India Indigenous People
Residents fear Adani quarries will destroy heritage and trigger landslides
Mar 26, 2021
An example of a quarry in India's Kerala state where Adani wants to expand quarrying to build its Vizhinjam port. Photo courtesy Times of India

An Adani port development in the south-western Indian state of Kerala has been beset by delays, court actions, inquiries, government penalties and protests. Construction of the port’s massive breakwater requires millions of tonnes of rock sourced from the hinterland. However, a local movement has developed against new quarries that threaten ancient heritage sites, natural features, rainforests and the stability of the ground itself in an area prone to deadly landslides.

Completion of Adani’s troubled port re-development at Vizhinjam is well over a year behind schedule. The Adani Group has blamed natural disasters and a shortage of rock for the harbour’s new breakwater.

In January 2020, it was reported that a government committee had called for completion of the project within six months, ruling out further extensions to the deadline. The Committee had conducted an inspection of the port site after Adani failed to finish the project in December 2019. The Committee observed that only 600 m of the proposed 3.1-km breakwater had been constructed. The Adani Group said it needed seven million tonnes of rock to complete the project, blaming the delay on a scarcity of suitable rocks. It said that the government had failed to approve sufficient quarries in the state of Kerala and demanded the issuing of more quarry licences.

In response, the committee proposed to allow accelerated rock quarrying for the port construction and suggested that a panel headed by the chief minister and senior government officials should convene a meeting in this regard.

The issue of quarrying in the hilly, forested and populated region inland of the port is a vexed one. In November 2020, Mongabay reported on landslides and fatalities caused by quarrying in the area. Recent developments indicate that Adani’s Vizhinjam port development is a major driver of this damaging form of exploitation.

In 2019, it was reported that the government had issued 19 quarry permits to Adani in Kerala. However, following the August 2019 floods, the state government temporarily banned quarrying in the state fearing further landslides.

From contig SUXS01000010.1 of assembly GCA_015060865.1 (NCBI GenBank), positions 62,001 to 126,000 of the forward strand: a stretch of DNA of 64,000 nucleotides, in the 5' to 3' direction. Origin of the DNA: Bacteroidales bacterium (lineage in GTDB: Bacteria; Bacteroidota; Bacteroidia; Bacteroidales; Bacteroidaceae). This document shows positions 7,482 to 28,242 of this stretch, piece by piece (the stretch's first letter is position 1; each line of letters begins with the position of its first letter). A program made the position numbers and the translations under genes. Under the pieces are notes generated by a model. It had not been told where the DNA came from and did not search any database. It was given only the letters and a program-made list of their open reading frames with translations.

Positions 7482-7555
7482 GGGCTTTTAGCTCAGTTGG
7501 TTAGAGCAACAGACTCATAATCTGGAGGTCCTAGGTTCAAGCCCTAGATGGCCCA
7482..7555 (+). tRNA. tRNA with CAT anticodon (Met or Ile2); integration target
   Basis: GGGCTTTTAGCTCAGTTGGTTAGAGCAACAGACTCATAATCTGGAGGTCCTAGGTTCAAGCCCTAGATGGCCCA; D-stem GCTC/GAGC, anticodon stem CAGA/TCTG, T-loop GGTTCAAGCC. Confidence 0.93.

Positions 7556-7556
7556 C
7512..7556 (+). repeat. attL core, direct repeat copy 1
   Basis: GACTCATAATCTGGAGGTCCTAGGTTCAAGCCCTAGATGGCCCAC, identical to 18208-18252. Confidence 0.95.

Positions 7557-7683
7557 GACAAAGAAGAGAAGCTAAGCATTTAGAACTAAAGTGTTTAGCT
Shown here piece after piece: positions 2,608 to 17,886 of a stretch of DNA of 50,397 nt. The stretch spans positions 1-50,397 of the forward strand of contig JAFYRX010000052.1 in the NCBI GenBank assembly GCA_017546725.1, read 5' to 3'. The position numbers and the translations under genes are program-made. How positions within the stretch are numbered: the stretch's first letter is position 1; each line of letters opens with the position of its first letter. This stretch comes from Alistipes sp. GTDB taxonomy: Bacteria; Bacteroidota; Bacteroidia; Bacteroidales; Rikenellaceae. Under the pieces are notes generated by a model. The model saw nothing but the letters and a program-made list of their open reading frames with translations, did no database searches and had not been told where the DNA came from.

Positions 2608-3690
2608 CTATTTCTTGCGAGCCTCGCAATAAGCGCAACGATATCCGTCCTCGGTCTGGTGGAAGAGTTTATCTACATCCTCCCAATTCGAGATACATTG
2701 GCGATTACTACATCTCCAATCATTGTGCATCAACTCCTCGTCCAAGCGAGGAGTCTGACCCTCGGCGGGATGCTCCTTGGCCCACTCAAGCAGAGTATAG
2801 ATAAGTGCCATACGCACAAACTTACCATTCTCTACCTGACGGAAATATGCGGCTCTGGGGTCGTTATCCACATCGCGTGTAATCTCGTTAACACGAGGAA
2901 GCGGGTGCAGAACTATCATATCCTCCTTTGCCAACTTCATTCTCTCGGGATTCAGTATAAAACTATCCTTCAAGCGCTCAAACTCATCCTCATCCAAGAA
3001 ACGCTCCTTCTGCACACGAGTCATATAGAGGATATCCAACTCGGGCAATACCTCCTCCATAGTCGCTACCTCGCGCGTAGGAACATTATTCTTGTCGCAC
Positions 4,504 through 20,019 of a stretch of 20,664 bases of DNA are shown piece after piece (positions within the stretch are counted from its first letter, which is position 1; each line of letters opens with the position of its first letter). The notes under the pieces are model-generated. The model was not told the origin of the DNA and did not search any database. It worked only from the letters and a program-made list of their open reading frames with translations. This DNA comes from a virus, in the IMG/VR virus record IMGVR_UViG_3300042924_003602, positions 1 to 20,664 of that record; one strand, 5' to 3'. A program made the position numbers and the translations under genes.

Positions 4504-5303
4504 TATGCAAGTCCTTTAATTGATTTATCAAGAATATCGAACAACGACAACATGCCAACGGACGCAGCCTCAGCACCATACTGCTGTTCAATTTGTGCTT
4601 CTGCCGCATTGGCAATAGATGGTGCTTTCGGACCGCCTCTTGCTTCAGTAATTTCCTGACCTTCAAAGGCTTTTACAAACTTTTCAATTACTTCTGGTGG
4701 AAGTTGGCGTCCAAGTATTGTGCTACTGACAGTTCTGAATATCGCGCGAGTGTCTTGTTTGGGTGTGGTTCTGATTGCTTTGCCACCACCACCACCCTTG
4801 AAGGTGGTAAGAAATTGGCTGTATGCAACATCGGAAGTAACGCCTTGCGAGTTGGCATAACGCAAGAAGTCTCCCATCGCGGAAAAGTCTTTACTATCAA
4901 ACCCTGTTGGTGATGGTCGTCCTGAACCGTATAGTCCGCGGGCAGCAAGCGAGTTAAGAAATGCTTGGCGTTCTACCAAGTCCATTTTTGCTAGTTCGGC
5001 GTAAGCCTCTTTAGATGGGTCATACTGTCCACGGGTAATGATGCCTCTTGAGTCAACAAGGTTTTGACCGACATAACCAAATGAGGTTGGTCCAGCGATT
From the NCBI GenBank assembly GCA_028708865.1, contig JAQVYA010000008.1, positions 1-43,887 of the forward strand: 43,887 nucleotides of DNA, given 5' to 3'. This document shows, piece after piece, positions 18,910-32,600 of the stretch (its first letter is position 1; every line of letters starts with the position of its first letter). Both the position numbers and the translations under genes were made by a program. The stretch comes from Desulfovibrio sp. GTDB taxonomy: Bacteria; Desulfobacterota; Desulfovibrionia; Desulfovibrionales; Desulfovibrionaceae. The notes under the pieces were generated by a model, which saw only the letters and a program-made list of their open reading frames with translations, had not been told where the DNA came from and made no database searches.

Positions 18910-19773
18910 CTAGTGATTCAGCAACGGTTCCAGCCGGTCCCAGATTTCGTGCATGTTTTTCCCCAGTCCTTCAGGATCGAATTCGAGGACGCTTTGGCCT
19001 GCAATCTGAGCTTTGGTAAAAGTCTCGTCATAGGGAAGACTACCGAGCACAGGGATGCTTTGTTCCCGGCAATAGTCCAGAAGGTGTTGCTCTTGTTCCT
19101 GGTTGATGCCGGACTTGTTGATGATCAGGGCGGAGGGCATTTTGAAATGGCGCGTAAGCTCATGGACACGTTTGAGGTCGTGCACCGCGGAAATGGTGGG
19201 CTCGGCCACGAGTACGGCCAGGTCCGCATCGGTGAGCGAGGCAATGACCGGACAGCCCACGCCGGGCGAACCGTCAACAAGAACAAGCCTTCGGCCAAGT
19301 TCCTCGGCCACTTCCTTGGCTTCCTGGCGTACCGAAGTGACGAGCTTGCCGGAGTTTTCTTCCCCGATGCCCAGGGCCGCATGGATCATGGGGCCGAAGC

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The Kerala State Biodiversity Board’s report, published in the wake of the floods, concluded that quarrying activities in the Western Ghats were one of the causes of the landslides. Parts of the Western Ghats constitute a UNESCO World Heritage property, adding to the seriousness of the impacts. Another report, by the Environmental Committee of Kerala’s Legislative Assembly, also identified the adverse environmental impact of Kerala’s rock quarries and crusher units.

The Environment Committee proposed no further permits be issued beyond the existing 723 quarries. The report also recommended that there be a distance of at least 200 metres between the quarries and residential areas.

An example of a quarry in India's Kerala state where Adani wants to expand quarrying to build its Vizhinjam port

The conflict between quarrying and the environment frequently erupts at the local level. In October 2020, the state pollution-control board convened a public hearing as part of the procedure to issue an environmental approval for an Adani Group company to expand quarrying activities in the vicinity of the town of Kadavila. Local people had complained that quarrying was being conducted 24 hours a day, seven days a week, and was damaging houses and places of worship. They also complained of debris hurtling towards residential areas only 50 m distant, saying that pollution, noise, resultant health effects, and water scarcity were problems. But the Adani Group claimed that the quarry was 300 m away from residential areas and denied allegations about flying debris and damage to houses.

Another public hearing pertaining to proposed quarrying by Adani, held on January 2021 at the town of Kalanjoor, led to physical altercations. Ninety-five percent of the residents opposed quarrying. Clashes occurred when quarry supporters, including the owners of tip trucks, turned up.  The residents of Kalanjoor raised the same issues as those of Kadavila – noise, pollution and impacts of blasting. The State Environment Impact Assessment Authority is studying the feasibility of this quarry. According to the approved mining plan, the proposed quarry occupies five hectares but critics argue that the impacts will be far more extensive.

An online portal named Green Reporter has posted images of Rakshasan Para (‘Monster Rock’), one of the locations at Kalanjoor proposed for quarrying by Adani. It shows green hills, forests, villages and a spectacular outcrop. In October 2020, a people’s movement was organised to oppose the move to allot Thattupara, another spectacular outcrop with local cultural significance, to Adani. The movement was supported by environmental groups, artists and poets.

Adani’s port expansion at Vizhinjam has already attracted the ire of fishing communities whose livelihoods are placed at risk by the development’s impacts on coastal ecology. Now, the otherwise tranquil settings of hill villages in the Western Ghat ranges are similarly threatened by this destructive development.

An example of a quarry in India's Kerala state where Adani wants to expand quarrying to build its Vizhinjam port. Photo courtesy Mongabay